Saturday nights at the obsErvatory
Free stargazing for the public is offered at the Star*Quest Observatory every clear Saturday night from April to November starting one hour after sunset and continuing for two hours. On these clear Saturday viewing nights, trained volunteers work the observatory telescopes and are available to answer your questions. You may also bring your own telescope to the site and receive help to use it more effectively.
To determine when the sun will set and whether it will be clear, check out the clear sky chart.
16" Richard Johnston Telescope
Our main telescope is an advanced-optics telescope that uses a 16" diameter mirror to collect 6,000 times more light than the naked eye, allowing us to see very faint objects. Depending on the time of year, a stargazer can see very faint nebulae, galaxies, double stars, star clusters and details on the moon and planets.
For public showings we generally use magnifications between 60x and 200x to keep images sharp and interesting. The Johnston telescope is automatically driven by a motor to compensate for Earth's rotation which keeps celestial objects centered in the eyepiece.
The Star*Quest Observatory also features the original Newtonian telescope built by founding FWAS members. The English fork mount telescope was built by Maurice Crow, and the excellent 12-1/2 inch mirror ground and polished by Glenn Harnishfeger.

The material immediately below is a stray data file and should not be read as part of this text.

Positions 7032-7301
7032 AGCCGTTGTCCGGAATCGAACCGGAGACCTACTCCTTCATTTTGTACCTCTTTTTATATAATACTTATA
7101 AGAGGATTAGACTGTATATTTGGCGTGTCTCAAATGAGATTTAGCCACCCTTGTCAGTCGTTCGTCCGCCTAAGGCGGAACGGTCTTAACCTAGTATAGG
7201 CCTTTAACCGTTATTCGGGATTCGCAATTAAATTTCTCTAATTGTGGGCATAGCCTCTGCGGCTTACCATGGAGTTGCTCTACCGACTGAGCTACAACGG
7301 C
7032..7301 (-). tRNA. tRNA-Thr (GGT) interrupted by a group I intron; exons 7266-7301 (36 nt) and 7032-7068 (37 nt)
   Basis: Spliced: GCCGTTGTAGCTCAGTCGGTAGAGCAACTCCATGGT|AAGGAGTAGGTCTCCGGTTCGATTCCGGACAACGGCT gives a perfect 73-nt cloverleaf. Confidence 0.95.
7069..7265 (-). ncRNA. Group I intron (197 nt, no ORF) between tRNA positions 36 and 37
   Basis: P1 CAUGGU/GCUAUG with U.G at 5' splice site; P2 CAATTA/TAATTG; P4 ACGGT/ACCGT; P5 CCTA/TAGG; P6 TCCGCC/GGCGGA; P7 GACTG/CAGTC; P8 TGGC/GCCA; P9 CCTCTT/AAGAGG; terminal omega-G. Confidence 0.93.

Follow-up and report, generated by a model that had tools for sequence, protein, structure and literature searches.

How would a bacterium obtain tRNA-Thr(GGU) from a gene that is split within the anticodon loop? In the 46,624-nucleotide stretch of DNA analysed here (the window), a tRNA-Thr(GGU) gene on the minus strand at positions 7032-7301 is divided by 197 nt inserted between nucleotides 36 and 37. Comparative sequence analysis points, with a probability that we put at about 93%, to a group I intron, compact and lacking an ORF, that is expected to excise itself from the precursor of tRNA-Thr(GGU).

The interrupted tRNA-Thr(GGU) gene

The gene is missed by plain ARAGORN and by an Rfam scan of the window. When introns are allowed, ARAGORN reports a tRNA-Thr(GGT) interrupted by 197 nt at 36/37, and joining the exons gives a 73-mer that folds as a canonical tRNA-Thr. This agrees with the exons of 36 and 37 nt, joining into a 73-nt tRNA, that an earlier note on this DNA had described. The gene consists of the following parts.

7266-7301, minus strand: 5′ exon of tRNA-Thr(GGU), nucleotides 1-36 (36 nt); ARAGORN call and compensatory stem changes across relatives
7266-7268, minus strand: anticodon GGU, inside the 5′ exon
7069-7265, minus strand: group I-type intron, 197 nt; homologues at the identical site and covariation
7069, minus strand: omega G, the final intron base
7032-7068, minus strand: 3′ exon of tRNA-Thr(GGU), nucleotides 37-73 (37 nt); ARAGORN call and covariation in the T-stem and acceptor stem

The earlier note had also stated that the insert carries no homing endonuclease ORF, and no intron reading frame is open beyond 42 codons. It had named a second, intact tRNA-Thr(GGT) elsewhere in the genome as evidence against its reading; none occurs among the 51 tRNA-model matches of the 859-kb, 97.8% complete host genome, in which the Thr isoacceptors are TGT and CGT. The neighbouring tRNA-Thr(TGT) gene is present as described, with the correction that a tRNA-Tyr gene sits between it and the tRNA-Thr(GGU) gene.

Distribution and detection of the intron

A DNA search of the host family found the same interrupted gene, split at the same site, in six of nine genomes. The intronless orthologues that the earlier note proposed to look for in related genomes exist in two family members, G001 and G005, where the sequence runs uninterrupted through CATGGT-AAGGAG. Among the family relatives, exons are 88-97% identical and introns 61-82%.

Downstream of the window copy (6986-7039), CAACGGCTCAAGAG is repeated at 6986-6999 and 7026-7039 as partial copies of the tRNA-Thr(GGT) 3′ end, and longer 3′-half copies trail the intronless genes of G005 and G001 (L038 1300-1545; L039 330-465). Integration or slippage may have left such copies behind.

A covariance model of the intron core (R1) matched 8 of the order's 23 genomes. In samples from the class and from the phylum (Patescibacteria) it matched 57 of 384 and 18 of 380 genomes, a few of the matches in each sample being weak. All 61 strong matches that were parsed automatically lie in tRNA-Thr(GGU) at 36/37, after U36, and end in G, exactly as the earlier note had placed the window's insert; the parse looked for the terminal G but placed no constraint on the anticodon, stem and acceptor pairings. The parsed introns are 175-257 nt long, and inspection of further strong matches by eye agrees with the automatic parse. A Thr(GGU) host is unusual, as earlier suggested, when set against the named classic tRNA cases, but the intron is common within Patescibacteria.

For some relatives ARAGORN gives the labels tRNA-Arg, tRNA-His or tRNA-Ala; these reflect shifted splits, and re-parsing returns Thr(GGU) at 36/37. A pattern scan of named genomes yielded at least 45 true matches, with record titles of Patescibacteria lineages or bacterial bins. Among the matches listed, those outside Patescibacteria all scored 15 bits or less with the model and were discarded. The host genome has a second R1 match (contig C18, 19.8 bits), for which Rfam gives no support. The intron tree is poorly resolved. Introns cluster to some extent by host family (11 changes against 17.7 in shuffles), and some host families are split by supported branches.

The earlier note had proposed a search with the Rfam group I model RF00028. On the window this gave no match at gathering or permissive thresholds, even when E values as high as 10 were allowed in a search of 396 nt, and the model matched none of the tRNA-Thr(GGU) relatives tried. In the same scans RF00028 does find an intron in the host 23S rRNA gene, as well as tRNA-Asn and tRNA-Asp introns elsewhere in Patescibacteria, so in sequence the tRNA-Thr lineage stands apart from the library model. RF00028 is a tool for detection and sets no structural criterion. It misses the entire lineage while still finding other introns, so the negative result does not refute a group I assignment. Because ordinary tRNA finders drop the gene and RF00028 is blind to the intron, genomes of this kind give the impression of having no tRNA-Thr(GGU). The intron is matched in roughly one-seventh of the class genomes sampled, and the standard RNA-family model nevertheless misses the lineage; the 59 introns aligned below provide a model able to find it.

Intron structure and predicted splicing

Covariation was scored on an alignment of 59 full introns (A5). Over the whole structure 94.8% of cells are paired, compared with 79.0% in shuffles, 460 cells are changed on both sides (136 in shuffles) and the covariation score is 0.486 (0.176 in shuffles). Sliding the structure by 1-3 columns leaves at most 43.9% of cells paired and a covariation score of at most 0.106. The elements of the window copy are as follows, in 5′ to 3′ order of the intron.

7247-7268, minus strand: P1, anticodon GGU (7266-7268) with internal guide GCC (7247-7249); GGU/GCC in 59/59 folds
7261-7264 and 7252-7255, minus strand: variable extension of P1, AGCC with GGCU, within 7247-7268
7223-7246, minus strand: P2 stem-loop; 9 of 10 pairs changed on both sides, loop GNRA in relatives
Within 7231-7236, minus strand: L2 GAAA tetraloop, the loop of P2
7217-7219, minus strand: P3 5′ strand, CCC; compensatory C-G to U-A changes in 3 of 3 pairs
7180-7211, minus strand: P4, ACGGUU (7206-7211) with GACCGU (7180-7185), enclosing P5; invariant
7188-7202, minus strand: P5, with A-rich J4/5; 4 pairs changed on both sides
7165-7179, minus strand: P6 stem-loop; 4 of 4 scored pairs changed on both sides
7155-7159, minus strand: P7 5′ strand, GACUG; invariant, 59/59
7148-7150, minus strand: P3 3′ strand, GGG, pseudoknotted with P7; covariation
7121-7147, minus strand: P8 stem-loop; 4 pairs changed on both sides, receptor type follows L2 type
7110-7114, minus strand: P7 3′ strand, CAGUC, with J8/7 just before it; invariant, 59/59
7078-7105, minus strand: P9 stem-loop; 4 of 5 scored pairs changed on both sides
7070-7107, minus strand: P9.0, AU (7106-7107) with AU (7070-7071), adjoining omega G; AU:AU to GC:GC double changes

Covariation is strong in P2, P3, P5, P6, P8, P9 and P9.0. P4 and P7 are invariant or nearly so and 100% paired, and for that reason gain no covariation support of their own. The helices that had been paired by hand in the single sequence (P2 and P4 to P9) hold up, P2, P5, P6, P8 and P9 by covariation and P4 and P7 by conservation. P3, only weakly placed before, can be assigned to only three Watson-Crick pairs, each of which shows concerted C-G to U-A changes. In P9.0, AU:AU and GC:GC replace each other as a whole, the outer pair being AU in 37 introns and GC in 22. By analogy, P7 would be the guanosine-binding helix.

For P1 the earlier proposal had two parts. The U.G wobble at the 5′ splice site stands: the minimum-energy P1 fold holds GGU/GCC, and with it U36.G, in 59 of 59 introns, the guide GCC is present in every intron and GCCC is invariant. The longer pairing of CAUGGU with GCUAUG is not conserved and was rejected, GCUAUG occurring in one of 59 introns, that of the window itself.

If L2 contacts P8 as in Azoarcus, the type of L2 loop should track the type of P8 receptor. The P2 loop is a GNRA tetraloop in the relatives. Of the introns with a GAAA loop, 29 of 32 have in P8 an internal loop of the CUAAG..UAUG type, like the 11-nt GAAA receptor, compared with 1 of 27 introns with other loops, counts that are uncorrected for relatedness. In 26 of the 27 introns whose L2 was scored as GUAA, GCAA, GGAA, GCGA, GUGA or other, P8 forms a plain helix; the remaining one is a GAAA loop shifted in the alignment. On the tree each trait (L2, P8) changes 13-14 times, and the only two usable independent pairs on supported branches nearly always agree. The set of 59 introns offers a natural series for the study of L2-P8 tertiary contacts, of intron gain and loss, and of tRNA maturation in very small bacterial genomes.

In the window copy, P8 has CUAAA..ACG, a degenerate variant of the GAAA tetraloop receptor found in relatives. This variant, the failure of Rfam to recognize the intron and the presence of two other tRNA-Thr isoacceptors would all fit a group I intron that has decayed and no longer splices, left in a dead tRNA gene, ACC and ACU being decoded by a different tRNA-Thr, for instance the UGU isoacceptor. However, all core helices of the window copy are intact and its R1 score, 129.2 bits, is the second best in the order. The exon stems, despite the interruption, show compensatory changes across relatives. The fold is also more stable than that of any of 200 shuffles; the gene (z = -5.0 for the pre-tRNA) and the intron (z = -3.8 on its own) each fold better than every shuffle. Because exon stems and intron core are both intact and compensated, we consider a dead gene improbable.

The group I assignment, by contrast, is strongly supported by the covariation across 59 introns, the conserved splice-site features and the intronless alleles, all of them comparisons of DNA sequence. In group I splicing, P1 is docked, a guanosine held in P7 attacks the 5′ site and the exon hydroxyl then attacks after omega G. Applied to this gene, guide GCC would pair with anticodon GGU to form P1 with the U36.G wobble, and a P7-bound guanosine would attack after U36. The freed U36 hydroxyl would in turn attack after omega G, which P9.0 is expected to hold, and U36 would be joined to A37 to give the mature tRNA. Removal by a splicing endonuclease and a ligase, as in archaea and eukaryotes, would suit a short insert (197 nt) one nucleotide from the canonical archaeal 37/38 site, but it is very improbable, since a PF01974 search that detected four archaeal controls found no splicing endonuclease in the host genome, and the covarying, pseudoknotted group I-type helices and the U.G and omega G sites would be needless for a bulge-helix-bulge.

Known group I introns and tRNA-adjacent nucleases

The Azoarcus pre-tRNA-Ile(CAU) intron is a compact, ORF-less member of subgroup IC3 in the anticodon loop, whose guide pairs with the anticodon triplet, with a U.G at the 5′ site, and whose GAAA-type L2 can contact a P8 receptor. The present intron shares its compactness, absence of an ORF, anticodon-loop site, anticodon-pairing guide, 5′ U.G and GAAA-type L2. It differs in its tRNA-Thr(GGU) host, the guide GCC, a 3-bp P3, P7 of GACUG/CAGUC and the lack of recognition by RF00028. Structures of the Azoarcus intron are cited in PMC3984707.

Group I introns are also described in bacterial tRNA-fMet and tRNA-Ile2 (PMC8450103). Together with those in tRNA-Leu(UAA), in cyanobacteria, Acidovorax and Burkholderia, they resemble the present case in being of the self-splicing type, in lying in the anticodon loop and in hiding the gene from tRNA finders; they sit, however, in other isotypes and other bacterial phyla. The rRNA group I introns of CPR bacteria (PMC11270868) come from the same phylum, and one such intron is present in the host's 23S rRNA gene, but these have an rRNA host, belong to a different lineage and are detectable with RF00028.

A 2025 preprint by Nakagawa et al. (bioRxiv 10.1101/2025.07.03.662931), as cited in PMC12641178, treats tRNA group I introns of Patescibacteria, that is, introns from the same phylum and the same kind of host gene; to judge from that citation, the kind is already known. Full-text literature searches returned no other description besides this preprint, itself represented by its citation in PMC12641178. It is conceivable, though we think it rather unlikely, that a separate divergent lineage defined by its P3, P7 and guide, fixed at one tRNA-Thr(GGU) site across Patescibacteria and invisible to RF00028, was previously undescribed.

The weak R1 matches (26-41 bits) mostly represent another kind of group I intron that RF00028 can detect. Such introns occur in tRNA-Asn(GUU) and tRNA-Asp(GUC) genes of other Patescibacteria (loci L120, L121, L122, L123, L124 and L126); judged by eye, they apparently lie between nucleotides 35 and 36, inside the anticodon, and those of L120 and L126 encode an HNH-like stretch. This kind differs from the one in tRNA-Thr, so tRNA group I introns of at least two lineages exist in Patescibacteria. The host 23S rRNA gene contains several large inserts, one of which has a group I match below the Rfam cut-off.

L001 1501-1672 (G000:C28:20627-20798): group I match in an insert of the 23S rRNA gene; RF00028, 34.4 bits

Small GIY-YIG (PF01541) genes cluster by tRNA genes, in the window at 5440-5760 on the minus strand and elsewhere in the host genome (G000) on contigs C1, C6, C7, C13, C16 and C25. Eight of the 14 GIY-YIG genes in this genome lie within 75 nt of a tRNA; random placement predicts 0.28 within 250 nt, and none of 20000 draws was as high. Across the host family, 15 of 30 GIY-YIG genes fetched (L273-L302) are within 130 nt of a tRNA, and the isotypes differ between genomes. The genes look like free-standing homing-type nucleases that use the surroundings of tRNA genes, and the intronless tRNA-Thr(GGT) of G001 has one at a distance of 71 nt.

What you'll see at the observatory
On the Moon we can easily see the mountain ranges, hundreds of craters (ringed mountains), and the seas (plains). The best time to view the Moon is at First Quarter (half Moon), when we can see the long shadows cast by the sun shining on the mountains and craters.
All the planets can be seen through the observatory telescope, but two are rarely viewed. Elusive Mercury is too close to the sun and distant Pluto is too faint. Venus shows a bright white face; Mars shows dark markings at closest approach; Jupiter shows dark cloud belts and four bright moons; Saturn displays its beautiful ring system and several small moons; Uranus and Neptune are seen as small blue-green disks.
Double stars, sometimes showing a beautiful color contrast, can be viewed at any time of the year. Some are physically close together in space orbiting about each other, and others appear close only because of our line-of-sight.
Various nebulae, bright clouds of glowing gases, can be viewed during the summer and winter seasons. Some are birthplaces of stars, while others are remnants of old dying stars.
Galaxies beyond our Milky Way can also be viewed. The Great Galaxy in Andromeda is the closest galaxy to our Milky Way. It is visible during the fall, and can be glimpsed on a clear moonless night with the naked eye. The light we see from these remote galaxies has been traveling through space for millions of years.